We conclude that the Total Loss Settlement and the valuation report attached to the Sorenson affidavit constitute some evidence of the pre-accident fair market value of the car.
Post-accident market value
As for post-market value, the record shows the car was “Sold Via Internet Bid” for $1700. It appears the sale was to an automobile dealership in Colorado on February 12, 2003. Nothing in the record indicates that State Farm was under any necessity to sell the car or that the purchaser was required to buy the car. Adams argues that the sale price of the vehicle should not be considered evidence of its market value. We disagree. “[W]hen commodities are sold as salvage, as in the case at bar, the amount for which the owner sold same is accepted as evidence of the value thereof.” Gulf, C. & S.F. Ry. Co. v. Hillis, 320 S.W.2d 687, 691 (Tex.Civ.App.-Waco 1959, no writ). “Such actual sale is prima facie evidence of market value, unless there is something which indicates the sale is out of the ordinary in some way.” Id.; see also Flukinger v. Straughan, 795 S.W.2d 779, 790 (Tex.App.-Houston [14th Dist.] 1990, writ denied) (“In most cases where personal property valuations are involved, evidence of what an article or commodity actually sold for is some evidence of market value.”). In this case, there is no evidence that the sale of the vehicle was a forced sale or was in any way out of the ordinary. We conclude the evidence of the $1700 sale price is some evidence of the post-accident value of the vehicle. We overrule Adams's second issue.4
In his third and fourth issues, Adams contends that the record contains no competent expert-opinion evidence of the value of the vehicle before and after the accident. We have already concluded that the attachments to the Sorenson affidavit contain some evidence to establish those facts and that Adams has waived his challenge to the qualifications of the declarants who supplied the evidence. We overrule Adams's third and fourth issues.
In his fifth issue, Adams contends the affidavits are not competent evidence because they were admitted under section 18.001 of the civil practice and remedies code but do not concern the cost and necessity of service. Section 18.001 permits a party to prove the cost, reasonableness, and necessity of a service by timely filing an affidavit in the correct form. See Tex. Civ. Prac. & Rem.Code Ann. §§ 18.001, .002 (Vernon 1997). Adams did not object to the admission of the affidavits. If Adams is correct that the affidavits did not qualify for admission under section 18.001, then the affidavits were arguably inadmissible hearsay. See Hong v. Bennett, 209 S.W.3d 795, 800 (Tex.App.-Fort Worth 2006, no pet.) (section 18.001 permits the use of otherwise inadmissible hearsay). However, “[i]nadmissible hearsay admitted without objection shall not be denied probative value merely because it is hearsay.” Tex.R. Evid. 802. Thus, any failure of the affidavits to meet the requirements of section 18.001 goes to the admissibility of the affidavits, not their competence. We overrule Adams's fifth issue.
State Farm's cause of action was not barred by limitations, and the record contains some evidence of the proper measure of damages. We overrule all of Adams's issues and affirm the trial court's judgment.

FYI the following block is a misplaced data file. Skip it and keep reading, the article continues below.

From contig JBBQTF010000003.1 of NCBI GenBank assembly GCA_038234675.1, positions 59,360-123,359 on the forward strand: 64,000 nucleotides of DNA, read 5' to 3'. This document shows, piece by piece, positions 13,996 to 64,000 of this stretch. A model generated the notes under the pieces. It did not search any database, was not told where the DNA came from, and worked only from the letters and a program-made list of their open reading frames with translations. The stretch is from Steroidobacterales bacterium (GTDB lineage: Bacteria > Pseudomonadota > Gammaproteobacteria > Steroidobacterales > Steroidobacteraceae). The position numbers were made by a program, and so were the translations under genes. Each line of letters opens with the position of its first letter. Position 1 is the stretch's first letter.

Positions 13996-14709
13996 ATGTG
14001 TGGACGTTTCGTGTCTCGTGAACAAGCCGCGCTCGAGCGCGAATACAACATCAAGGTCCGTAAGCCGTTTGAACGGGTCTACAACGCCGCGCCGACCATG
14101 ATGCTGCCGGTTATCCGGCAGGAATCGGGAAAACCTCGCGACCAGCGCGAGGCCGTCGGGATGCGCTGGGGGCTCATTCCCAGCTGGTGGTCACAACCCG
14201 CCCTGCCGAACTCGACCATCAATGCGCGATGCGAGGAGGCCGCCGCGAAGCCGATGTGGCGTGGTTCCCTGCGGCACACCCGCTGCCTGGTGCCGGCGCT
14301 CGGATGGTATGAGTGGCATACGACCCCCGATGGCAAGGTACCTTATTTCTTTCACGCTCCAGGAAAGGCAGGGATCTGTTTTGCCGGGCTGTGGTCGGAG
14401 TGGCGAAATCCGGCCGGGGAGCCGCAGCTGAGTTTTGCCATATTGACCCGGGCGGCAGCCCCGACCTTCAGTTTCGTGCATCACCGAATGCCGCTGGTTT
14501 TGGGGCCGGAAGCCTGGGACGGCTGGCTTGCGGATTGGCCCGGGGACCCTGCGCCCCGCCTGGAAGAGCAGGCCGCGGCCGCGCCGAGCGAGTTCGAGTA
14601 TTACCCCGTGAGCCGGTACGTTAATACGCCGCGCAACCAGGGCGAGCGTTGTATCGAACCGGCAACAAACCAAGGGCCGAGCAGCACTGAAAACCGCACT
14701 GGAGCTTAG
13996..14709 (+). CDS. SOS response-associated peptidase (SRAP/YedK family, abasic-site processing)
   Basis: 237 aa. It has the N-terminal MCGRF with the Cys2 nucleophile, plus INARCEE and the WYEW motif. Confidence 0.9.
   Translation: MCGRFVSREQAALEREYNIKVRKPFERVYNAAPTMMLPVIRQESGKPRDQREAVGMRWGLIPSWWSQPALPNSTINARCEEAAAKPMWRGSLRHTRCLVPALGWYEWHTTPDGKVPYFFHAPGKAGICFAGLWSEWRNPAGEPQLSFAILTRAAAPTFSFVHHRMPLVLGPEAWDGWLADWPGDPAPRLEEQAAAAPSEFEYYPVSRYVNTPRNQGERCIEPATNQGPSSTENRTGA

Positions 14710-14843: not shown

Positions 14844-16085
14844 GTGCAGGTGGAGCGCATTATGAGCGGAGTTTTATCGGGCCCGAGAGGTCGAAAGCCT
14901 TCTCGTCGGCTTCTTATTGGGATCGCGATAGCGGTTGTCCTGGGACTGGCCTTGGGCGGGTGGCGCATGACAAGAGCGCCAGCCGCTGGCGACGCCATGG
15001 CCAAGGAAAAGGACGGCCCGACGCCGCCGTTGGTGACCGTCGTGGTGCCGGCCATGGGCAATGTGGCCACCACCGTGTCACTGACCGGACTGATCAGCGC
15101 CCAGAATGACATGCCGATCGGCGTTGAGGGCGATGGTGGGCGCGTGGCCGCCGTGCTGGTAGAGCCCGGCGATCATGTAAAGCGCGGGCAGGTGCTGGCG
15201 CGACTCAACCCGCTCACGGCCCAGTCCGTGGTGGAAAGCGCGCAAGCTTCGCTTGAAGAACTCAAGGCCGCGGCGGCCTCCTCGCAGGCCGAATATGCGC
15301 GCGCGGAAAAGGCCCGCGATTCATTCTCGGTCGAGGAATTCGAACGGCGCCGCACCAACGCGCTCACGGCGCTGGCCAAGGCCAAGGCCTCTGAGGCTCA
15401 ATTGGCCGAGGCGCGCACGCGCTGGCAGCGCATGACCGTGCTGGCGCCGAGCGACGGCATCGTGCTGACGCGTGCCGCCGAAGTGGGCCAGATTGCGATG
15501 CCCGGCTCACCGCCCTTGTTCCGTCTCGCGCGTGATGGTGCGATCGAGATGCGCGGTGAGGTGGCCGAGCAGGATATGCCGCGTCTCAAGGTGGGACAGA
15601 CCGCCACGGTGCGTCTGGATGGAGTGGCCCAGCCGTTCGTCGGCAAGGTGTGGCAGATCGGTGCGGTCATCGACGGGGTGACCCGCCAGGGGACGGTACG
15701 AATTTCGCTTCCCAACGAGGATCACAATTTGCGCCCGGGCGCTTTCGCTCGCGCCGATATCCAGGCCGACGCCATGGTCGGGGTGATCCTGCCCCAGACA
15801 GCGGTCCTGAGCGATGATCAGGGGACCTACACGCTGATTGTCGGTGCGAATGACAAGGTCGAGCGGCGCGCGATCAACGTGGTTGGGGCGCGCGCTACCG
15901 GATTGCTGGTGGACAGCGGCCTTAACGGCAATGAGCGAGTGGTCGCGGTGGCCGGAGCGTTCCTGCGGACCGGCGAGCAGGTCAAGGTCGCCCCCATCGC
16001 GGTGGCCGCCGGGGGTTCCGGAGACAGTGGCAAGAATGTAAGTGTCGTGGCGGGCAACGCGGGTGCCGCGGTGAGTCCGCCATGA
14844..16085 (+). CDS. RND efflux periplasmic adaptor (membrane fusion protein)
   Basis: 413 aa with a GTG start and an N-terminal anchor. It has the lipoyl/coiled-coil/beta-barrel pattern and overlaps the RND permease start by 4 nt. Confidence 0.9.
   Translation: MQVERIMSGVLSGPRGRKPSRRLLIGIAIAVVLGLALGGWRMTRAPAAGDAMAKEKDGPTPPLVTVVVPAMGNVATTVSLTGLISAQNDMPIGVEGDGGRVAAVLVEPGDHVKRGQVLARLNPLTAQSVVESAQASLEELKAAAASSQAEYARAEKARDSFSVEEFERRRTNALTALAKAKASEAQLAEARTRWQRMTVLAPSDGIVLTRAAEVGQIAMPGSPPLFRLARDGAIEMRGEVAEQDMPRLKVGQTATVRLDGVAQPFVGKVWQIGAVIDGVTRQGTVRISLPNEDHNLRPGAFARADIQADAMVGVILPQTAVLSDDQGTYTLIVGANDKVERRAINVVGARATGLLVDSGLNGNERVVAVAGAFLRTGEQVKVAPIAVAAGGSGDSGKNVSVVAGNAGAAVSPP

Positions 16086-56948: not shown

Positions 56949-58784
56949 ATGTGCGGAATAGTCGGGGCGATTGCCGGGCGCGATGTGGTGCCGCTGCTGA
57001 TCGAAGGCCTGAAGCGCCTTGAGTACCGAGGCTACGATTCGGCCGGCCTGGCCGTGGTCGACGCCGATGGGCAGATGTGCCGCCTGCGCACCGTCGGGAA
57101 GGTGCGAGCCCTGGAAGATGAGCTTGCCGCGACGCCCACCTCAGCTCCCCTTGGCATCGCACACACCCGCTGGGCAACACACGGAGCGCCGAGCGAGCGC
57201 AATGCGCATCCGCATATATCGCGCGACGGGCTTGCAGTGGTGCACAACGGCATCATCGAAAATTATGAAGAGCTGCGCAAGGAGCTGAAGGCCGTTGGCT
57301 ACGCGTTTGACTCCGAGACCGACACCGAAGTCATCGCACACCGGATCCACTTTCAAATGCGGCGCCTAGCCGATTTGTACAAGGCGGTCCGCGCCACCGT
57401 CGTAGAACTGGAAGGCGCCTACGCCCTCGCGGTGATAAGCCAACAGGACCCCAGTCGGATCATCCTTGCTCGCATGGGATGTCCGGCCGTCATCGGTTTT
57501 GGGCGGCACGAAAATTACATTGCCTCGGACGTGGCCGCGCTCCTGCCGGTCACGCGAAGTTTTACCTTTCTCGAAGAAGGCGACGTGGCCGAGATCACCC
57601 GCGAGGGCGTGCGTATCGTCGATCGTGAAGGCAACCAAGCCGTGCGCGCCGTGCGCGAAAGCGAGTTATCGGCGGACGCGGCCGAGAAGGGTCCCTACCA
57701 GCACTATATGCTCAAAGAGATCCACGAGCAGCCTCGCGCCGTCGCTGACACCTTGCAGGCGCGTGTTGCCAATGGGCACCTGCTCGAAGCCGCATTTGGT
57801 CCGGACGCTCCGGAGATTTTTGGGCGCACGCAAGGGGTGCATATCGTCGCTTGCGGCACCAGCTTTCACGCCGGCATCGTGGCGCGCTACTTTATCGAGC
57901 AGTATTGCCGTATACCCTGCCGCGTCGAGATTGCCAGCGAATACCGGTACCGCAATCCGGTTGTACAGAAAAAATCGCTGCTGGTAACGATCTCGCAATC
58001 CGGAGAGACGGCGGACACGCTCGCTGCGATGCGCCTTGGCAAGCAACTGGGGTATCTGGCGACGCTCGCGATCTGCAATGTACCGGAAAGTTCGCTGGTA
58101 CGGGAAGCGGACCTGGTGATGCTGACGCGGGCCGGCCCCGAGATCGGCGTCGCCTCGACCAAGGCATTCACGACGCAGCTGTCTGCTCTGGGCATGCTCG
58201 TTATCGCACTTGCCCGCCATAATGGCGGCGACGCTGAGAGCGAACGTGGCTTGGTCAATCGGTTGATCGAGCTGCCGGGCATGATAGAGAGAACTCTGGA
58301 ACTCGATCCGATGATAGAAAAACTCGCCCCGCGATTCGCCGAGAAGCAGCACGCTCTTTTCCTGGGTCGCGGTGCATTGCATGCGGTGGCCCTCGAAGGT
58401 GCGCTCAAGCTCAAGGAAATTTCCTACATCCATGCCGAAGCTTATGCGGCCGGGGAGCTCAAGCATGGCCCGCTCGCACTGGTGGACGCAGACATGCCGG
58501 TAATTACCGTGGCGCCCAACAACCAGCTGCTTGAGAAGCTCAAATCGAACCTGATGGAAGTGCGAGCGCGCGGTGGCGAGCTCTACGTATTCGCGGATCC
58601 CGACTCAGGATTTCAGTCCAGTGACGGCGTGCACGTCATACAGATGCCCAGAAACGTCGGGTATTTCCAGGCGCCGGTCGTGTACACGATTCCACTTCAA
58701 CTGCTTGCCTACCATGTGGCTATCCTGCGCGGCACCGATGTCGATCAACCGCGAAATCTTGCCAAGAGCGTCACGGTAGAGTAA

1. This case is before us on a partial reporter's record. See Tex.R.App. P. 34.6(c). The two affidavits and their attachments are the only evidence before us that was admitted at the trial. The partial reporter's record also contains Adams's motion for directed verdict, his objections to the charge, and the argument on the motion for judgment notwithstanding the verdict and motion for new trial. Pursuant to rule 34.6(c)(4), we must presume the partial reporter's record constitutes the entire record for the purpose of considering the issues on appeal and that the omitted portions are irrelevant. Tex.R.App. P. 34.6(c)(4); In re E.A.C., 162 S.W.3d 438, 441 (Tex.App.-Dallas 2005, no pet.).
2. Although Adams points out that the owner of the car, Goolsby, did not appear at trial or offer his opinion about the market value of the car, one need not be the owner of a car to offer an opinion as to its fair market value. “[A]ny layman who can testify that he knows the value of automobiles and can give satisfactory facts in support of the statement that he has such knowledge is qualified to testify.” Foxx v. DeRobbio, 224 S.W.3d 263, 268 (Tex.App.-El Paso 2005, no pet.).
3. The supreme court has held that no objection to expert testimony is required to preserve error when a party's argument on appeal is that the expert's testimony is “conclusory or speculative and therefore nonprobative on its face.” Coastal Transp. Co. v. Crown Cent. Petroleum Corp., 136 S.W.3d 227, 233 (Tex.2004). Adams does not make this argument on appeal, however, so we do not consider it. See State Bar of Tex. v. Evans, 774 S.W.2d 656, 658 n. 5 (Tex.1989) (per curiam).
4. The difference between $9535.55 (or $8900) and $1700 is less than the amount awarded by the jury, but this discrepancy is a matter of factual sufficiency rather than legal sufficiency of the damages evidence. See Formosa Plastics Corp. USA v. Presidio Eng'rs & Contractors, Inc., 960 S.W.2d 41, 51 (Tex.1998); Playboy Enters., Inc. v. Editorial Caballero, S.A. de C.V., 202 S.W.3d 250, 271-72 (Tex.App.-Corpus Christi 2006, pet, denied). Adams raises only a legal-sufficiency challenge in this appeal.
Opinion by Justice MAZZANT.